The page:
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Architecture of Croatia

Croatian Architecture - Dubrovnik
Venetian-styled Dubrovnik

Croatia's oldest still standing architecture is from the Roman times. The two best examples from this time are the Pula Arena in Pula and Diocletian's Palace in Split. The arena was built in about year 0, while the palace was built about 300 years later. The palace however has mostly been destroyed, however many walls and buildings still remain. Over time new buildings have been put up in the space, including structures in Romanesque, Renaissance, and Baroque styles.

Through the next millennium most of the architecture introduced in Croatia was church architecture or fortifications, primarily consisting of stone and Romanesque structures. The Euphrasian Basilica in Porec is a great example of early Christian (300s) church architecture as are many of the churches and buildings in Trogir.

The crown jewel of Croatia is the city of Dubrovnik and its beginnings as a sea power date to the 1200s when Gothic architecture was common in Croatia. Much of the city's architecture is from this time period (although it has been reconstructed since the Balkan Wars), however today many of the buildings have Renaissance or Baroque facades along with a couple churches in each of these styles.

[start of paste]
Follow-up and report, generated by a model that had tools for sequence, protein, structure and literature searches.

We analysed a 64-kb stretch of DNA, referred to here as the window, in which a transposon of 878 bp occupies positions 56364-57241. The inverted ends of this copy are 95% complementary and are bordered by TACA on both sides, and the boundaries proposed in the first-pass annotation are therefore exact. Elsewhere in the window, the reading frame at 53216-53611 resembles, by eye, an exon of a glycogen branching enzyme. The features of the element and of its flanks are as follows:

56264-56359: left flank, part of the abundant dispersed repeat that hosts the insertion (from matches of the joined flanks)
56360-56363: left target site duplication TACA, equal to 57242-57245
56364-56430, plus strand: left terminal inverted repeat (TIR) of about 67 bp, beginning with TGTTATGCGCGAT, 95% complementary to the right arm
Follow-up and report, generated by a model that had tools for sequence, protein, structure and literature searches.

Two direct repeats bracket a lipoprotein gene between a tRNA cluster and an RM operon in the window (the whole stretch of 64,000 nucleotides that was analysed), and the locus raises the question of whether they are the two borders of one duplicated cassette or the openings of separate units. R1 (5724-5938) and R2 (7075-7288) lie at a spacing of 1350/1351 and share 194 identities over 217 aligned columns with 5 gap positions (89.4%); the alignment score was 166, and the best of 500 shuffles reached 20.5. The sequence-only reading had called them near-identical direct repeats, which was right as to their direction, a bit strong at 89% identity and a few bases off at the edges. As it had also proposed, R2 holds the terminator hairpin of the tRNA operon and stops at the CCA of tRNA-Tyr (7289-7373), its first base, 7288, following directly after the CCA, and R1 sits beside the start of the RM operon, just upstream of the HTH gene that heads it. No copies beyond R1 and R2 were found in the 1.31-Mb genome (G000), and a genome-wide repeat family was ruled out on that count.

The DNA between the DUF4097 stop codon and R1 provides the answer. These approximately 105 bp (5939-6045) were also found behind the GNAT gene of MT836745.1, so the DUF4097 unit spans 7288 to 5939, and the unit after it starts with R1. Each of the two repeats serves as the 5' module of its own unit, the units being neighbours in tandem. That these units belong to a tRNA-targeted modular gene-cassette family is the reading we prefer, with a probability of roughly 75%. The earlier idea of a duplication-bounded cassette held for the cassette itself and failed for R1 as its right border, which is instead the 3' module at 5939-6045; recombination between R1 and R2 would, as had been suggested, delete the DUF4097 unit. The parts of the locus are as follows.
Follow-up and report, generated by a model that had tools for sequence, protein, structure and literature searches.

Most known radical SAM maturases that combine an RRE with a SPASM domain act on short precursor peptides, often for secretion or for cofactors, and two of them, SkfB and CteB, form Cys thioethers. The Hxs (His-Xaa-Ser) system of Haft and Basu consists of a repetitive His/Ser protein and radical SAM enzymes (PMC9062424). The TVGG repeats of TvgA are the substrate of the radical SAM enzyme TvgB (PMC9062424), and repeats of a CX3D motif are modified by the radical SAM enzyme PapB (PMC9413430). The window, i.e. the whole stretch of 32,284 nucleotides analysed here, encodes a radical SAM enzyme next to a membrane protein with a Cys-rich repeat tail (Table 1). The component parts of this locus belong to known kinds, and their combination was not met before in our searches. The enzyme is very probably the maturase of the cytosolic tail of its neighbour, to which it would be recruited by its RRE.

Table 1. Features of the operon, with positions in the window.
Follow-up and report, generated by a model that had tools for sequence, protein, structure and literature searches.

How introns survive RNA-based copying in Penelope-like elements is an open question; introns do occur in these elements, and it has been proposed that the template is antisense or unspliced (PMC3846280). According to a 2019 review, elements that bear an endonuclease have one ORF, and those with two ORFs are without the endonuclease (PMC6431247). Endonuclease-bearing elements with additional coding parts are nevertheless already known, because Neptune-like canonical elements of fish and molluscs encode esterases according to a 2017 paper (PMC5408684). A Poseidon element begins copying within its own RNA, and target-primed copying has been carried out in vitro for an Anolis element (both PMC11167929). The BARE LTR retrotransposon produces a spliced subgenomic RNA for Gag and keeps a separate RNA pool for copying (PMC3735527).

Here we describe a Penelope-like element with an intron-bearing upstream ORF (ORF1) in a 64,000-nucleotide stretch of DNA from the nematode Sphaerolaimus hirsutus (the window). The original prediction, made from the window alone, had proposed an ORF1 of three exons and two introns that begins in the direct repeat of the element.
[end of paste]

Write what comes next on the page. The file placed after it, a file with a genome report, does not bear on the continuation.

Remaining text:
Croatian Architecture - Church in Sibenik
Church in Sibenik

Dubrovnik remained a power through the next couple hundred years so as the next influential movement in Croatia arrived in the 1400s via Venice, the Renaissance, Dubrovnik continued building, but now in this new style. Venice ruled over much of Croatia's Dalmatian Coast through this time period so brought this new style to numerous cities and buildings in the region. The most well-known and important of these Renaissance buildings, however is not in Dubrovnik, but rather is St. James Cathedral in Sibenik (1400-1500s).

Along with Dubrovnik, Zagreb is also a great place to see both historic and modern Croatian architecture. Zagreb has been the beneficiary of most of the country's modern architectural movements as the expanding capital city of a now independent country. Zagreb also has the country's best examples of Austria-Hungarian architecture from the 1700 to early 1900s, particularly found in the city's lower town.

This page was last updated: March, 2013